If you're interested in a healthy diet, you probably look for foods advertised as "low in fat," "no cholesterol," or "light." But these claims don't always guarantee that the food is good for you.
In fact, the Federal Trade Commission has challenged use of these claims in specific food advertisements. The Food and Drug Administration (FDA) also is defining these terms to clear up confusion in food labeling. FDA's definitions go into effect as early as May 1993.
To help you shop wisely, you may want to learn more about the following food advertising claims.
The Surgeon General of the United States, along with many prestigious health organizations, has recommended that no more than 30% of Americans' daily calories come from fat. Fat has been implicated in heart disease the nation's number one killer as well as in cancer, diabetes, and other serious illnesses. Fat claims in food ads take various forms. Among the most confusing may be those claiming a food is, say, "93% fat-free."
At first glance, the product may look like a good choice. But, in most cases, this percentage is based on weight, not on calories from fat. Foods advertised with fat-free claims based on weight still can be relatively high in fat.
Instead, focus on the number of grams of fat and the percentage of calories from fat in each serving. Only then will you know how the food measures up against the Surgeon General's guidelines. To figure out the percentage of calories from fat, check the nutrition label for the number of grams of fat in a serving. A gram of fat has 9 calories. Simply multiply the number of grams of fat in a serving by 9 and compare that to the total number of calories in a serving.
For example, a serving size of food might have 100 calories and 7 grams of fat. To find out the number of calories from fat, you would multiply 7 grams by 9 to get 63 calories of fat. That means 63 out of 100 calories, or 63% of this food is fat -- which is high. Even if a particular food's fat content is reasonable, you still need to be careful about eating too many grams of fat in your overall diet. The FDA has suggested limiting one's fat intake to no more than 75 grams a day.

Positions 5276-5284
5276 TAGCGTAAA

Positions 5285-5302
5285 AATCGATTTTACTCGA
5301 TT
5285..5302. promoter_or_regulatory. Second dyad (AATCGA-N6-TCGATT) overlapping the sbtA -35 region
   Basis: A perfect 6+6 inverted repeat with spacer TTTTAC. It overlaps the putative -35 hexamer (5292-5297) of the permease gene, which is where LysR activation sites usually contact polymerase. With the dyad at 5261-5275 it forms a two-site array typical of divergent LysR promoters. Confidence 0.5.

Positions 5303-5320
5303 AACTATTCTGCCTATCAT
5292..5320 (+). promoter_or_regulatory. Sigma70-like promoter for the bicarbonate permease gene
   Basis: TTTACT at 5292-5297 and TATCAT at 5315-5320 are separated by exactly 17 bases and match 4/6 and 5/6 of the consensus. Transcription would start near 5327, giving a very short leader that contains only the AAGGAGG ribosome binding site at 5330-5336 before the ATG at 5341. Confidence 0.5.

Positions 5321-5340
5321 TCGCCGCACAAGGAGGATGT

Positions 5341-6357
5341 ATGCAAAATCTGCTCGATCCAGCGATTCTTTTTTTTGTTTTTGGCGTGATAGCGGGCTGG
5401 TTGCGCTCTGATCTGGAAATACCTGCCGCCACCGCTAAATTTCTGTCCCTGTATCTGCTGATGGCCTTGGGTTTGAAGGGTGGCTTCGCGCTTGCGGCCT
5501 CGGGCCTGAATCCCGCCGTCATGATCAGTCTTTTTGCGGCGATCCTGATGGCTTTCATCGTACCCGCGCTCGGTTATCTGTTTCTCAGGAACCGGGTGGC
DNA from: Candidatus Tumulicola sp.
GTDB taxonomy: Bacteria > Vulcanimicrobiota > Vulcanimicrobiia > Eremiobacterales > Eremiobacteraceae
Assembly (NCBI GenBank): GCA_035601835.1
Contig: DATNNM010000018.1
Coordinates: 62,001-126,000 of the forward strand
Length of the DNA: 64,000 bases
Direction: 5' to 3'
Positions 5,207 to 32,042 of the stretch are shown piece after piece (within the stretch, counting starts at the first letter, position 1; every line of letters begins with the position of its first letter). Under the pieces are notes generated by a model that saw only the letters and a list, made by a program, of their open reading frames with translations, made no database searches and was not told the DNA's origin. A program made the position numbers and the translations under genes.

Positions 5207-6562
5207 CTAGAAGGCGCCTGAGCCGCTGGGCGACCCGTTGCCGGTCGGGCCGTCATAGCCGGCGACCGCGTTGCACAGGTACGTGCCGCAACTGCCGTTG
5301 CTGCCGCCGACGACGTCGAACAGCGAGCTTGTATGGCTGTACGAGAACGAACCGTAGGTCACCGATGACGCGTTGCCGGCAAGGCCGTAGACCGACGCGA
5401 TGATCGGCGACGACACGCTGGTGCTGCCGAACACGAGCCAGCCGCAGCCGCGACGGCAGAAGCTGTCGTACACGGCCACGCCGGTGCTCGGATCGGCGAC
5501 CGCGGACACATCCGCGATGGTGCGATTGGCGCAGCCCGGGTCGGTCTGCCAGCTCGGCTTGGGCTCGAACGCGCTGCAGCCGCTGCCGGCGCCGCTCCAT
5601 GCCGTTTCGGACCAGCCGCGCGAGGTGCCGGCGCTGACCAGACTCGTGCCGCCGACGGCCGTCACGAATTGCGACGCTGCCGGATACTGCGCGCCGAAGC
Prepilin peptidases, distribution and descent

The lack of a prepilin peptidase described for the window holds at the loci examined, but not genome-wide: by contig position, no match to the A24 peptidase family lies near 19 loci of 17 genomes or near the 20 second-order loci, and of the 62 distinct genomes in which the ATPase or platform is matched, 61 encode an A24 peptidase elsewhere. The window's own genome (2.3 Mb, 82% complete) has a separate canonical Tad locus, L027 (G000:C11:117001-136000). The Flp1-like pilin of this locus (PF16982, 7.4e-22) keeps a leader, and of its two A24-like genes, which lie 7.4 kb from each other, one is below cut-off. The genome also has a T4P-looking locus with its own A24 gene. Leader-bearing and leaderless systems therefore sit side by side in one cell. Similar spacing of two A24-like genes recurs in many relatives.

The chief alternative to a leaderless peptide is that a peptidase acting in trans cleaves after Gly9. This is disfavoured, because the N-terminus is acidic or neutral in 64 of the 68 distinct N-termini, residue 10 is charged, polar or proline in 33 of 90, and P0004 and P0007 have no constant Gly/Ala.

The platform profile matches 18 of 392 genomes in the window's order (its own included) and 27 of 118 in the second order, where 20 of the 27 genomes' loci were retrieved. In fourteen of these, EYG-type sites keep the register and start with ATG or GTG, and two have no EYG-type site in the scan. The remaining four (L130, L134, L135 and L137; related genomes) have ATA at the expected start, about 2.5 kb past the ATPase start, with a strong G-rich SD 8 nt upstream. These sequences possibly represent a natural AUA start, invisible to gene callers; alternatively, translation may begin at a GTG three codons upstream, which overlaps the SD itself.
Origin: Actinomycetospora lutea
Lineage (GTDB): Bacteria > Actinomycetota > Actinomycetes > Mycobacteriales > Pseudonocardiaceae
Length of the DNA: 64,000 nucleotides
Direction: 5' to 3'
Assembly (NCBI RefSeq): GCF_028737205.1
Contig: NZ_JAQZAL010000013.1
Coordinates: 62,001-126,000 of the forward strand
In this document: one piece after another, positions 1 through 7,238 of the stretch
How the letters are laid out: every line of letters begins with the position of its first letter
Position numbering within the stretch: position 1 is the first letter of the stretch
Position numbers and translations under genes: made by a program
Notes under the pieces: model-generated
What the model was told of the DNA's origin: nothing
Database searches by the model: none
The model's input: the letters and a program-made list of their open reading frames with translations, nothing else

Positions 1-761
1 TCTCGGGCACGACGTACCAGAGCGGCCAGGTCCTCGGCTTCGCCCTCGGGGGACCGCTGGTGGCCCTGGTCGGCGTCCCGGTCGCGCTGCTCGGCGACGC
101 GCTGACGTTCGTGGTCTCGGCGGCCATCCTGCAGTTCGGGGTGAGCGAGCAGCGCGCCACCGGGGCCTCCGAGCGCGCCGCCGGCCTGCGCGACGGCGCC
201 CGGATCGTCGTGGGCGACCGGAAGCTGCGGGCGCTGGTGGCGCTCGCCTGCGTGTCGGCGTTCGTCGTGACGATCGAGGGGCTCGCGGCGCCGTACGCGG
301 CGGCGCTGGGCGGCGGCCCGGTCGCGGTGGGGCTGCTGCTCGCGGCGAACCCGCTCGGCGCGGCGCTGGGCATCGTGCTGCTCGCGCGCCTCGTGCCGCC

The FDA has recently proposed food labeling regulations that will allow "percentage fat-free" claims to be made only on foods meeting the definition for a low-fat food. Before then, be cautious of claims that a food is low in fat or is some percentage fat-free. Check the food label yourself to see if the claim is accurate.
Some food ads include no or low cholesterol claims. Too much cholesterol in a diet, like too much fat, has been associated with health risks.
Cholesterol and fat are not the same thing. Some foods with no or low cholesterol are, in fact, very high in fat. For example, you might see no or low cholesterol ads for such foods as potato chips or peanut butter. Vegetable products like these don't contain cholesterol anyway. They may contain, however, large amounts of fat.
Some food ads include "light" or "lite" claims. No matter how it is spelled, the implication usually is that the food is better for you by having less fat or fewer calories.
There currently is no standard definition for "light." Some light claims mean fewer calories in a serving. Others indicate smaller serving sizes or that the color of the food is lighter than similar products.
New federal labeling regulations will define "light." In the meantime, read the food label carefully. Try to determine what "light" means for each particular product.
If you have concerns about food advertising claims, write: Correspondence Branch, Federal Trade Commission, Washington, DC 20580. Information about these issues helps the FTC in its law enforcement efforts.
FTC CONSUMER & SMALL BUSINESS ADVISORY - PUBLIC DOCUMENT
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